SYRIA – United Nations: Violations constitute war crimes
Zeid Ra’ad al-Hussein, U.N. High Commissioner for Human Rights, declared that the siege and bombardment of eastern Aleppo in Syria constitute crimes of historic proportions. He said the relentless bombardment of the ancient city of Aleppo has turned it into a slaughterhouse. Over 300,000 Syrians have been killed and countless others wounded and traumatized in the course of more than five years of civil war.
Although he did not mention Russia by name, the High Commissioner stated the overwhelming majority of civilian casualties were caused by indiscriminate airstrikes across the eastern rebel-held part of Aleppo by government forces and their allies.
Al-Hussein declared the violations constituted war crimes and urged that those guilty of international crimes should be held accountable. He called on the 47-member U.N. Human Rights Council to refer the situation to the International Criminal Court.
Paulo Sergio Pinheiro, who chairs the International Commission of Inquiry on Syria, also agrees all those involved in the conflict who are guilty of crimes must be brought to justice. He said:
“Perpetrators of war crimes and crimes against humanity will only cease to violate the laws of war when it is clear they will be held to account …. This why referral of the conflict in Syria to the ICC (International Criminal Court) or an ad hoc international justice mechanism is critical to resolving this conflict.” Pinheiro added that members of the investigative commission will continue to document war crimes in Aleppo.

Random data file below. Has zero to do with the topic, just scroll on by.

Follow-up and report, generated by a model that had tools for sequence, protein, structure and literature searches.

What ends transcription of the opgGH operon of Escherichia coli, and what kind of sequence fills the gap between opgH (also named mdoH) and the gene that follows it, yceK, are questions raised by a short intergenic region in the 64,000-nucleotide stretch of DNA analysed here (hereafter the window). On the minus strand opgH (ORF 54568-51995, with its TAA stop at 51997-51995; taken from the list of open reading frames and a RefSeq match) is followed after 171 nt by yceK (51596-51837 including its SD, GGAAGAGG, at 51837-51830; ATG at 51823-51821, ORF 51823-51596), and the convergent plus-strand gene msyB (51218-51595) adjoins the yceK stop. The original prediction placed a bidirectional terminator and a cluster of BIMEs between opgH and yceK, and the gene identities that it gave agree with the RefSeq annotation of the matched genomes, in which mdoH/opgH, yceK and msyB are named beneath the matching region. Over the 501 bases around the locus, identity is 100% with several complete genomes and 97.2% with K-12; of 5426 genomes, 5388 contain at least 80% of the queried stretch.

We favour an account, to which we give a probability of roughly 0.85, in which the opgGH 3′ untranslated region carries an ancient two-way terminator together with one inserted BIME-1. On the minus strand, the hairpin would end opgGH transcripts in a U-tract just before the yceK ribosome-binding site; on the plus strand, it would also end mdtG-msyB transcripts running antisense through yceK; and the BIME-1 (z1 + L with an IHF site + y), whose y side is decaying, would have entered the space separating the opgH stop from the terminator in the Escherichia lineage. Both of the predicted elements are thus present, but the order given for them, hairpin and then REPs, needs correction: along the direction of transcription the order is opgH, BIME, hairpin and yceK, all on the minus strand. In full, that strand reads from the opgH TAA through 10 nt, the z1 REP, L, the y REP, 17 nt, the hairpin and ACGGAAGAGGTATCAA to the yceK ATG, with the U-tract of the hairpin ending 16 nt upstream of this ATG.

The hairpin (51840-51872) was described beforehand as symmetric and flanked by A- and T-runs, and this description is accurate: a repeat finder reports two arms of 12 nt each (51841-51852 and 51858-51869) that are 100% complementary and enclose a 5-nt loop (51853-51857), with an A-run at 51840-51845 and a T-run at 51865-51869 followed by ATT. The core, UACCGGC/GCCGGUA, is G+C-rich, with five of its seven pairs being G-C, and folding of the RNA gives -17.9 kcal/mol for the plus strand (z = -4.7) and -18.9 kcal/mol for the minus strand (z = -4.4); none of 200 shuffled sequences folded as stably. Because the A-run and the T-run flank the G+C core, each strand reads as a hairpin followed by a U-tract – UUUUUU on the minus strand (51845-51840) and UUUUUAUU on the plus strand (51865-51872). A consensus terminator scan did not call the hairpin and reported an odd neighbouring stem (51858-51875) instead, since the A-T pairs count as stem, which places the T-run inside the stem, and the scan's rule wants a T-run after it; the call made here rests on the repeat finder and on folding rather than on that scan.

Tobias Ellwood, the British minister for Africa and the Middle East, strongly condemned Syria and Russia: “Hospitals have been bombed repeatedly. Hundreds of civilians, many of them children, have been killed since the (Bashar) Assad regime and Russia launched their assault on Eastern Aleppo.”
However, the Syrian representative claimed that Britain’s accusations were baseless and fabricated to enhance the UK’s political agenda. The Russian ambassador accused the UK and its allies of protecting terrorists from destruction and allowing them to regroup so they could continue their acts of terrorism.